I’ve officially been chancellor of the University of Kansas for a little more than two weeks now and I can tell you I’m more excited about this university and this job than when I started.
Shade and I have been overwhelmed by the welcome we’ve received from the community and the larger “Jayhawk Nation.” Whether it was at move-in weekend, a recent rally in Kansas City, or last week’s visit to the Wichita campus, I have seen the love people have for KU and their desire to see it succeed.
I’ve already started a series of meetings with students, faculty and staff, as well as deans, donors, alumni and Kansans. I want to hear from them and from you about what KU’s strengths are and where we can make improvements. I want to learn how KU already works for Kansas and find out how we can help meet even more of the state’s needs.
This effort will take me around the state, such as to Pittsburg this Wednesday, the Kansas State Fair on September 12, and Southwest Kansas the week after that. The conversations I have with you and on these trips will unquestionably shape my thinking about the long-term direction of this university.
But as I told the search committee and the Regents, I have three main areas that I intend to focus on initially: one, undergraduate education, including increasing our graduation rate; two, raising KU’s scholarly and research profiles, which has important implications for graduate and professional students; and three, ensuring we have the resources to accomplish these and other priorities.
Adding a sense of urgency is Governor Parkinson’s recent challenge to all Kansas universities to improve our standing in national rankings. I hope this will result in a serious, statewide discussion of how we can truly improve higher education in Kansas.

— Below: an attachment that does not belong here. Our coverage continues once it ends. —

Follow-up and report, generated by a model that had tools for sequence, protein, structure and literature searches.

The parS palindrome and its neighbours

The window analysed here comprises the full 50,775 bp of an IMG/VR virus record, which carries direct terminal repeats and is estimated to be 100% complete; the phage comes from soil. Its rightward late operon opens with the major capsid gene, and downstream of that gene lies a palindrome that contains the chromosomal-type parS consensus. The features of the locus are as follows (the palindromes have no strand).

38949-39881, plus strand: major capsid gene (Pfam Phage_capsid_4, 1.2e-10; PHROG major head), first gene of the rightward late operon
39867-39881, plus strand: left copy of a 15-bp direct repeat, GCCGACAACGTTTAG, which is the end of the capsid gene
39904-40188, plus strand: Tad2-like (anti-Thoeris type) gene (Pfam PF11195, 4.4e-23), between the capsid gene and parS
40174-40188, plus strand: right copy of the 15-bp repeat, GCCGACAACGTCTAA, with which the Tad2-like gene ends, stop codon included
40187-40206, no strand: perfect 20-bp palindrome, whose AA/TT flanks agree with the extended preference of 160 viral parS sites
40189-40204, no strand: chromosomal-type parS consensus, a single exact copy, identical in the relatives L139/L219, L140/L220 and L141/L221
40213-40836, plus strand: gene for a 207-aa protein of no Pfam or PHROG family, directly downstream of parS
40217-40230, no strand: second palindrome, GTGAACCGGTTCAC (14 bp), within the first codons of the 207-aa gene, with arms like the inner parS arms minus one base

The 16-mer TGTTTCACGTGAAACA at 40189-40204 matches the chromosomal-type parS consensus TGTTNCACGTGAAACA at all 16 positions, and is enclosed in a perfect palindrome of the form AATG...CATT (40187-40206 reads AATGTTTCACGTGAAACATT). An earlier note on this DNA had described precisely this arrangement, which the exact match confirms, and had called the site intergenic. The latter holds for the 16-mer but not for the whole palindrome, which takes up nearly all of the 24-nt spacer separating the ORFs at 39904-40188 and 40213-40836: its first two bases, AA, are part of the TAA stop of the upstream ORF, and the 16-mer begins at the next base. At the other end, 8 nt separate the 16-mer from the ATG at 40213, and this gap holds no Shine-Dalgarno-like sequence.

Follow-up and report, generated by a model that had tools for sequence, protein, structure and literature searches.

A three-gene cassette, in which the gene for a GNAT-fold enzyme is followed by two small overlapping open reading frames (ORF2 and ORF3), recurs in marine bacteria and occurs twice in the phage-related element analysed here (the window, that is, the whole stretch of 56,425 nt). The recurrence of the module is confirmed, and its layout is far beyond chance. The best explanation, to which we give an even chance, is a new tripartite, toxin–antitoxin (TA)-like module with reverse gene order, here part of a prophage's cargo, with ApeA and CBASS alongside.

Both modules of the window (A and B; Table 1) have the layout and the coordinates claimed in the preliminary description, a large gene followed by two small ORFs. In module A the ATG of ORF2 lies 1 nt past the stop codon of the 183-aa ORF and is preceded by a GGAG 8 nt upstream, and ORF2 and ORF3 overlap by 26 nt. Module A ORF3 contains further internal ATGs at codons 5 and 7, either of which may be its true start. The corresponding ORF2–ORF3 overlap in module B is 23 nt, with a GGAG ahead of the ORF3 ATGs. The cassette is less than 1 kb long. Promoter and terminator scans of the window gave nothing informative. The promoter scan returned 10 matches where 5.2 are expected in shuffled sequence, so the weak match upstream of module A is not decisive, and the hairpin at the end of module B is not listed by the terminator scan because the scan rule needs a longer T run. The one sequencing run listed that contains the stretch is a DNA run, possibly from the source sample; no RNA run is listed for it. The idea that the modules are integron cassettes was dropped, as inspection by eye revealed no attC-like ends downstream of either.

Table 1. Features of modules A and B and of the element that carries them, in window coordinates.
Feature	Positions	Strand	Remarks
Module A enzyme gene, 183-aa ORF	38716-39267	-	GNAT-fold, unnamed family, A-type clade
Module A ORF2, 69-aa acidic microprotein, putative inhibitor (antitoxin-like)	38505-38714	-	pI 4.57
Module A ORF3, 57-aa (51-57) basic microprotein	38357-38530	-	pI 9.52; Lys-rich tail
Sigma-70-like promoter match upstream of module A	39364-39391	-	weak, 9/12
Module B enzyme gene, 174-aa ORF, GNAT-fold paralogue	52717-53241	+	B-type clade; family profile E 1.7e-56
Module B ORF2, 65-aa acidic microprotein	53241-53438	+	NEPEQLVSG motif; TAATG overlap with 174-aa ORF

I appreciate the governor’s comments in favor of an admissions policy that leads to students arriving at KU ready to succeed, and his support for our desire to improve graduation and retention rates. We have a responsibility to make sure students who go up the Hill on the first day of classes are here to walk down it at Commencement.
A working group will be formed to identify ways we can improve KU’s graduation and retention rates, and I also encourage you to submit ideas and suggestions on this topic, or any other issue related to the university, to email@example.com.
There’s no question that we face a variety of challenges, but I wouldn’t have come to this university if I were not confident in the ability of the students, faculty, staff and supporters of KU to meet those challenges.
As I said at Opening Convocation, we’re all at the start of a journey. We’ll take different paths to different destinations, but we are united in the fact that we chose to make this journey together as Jayhawks. I look forward to taking that journey with you as we work to make this university an even greater place to be.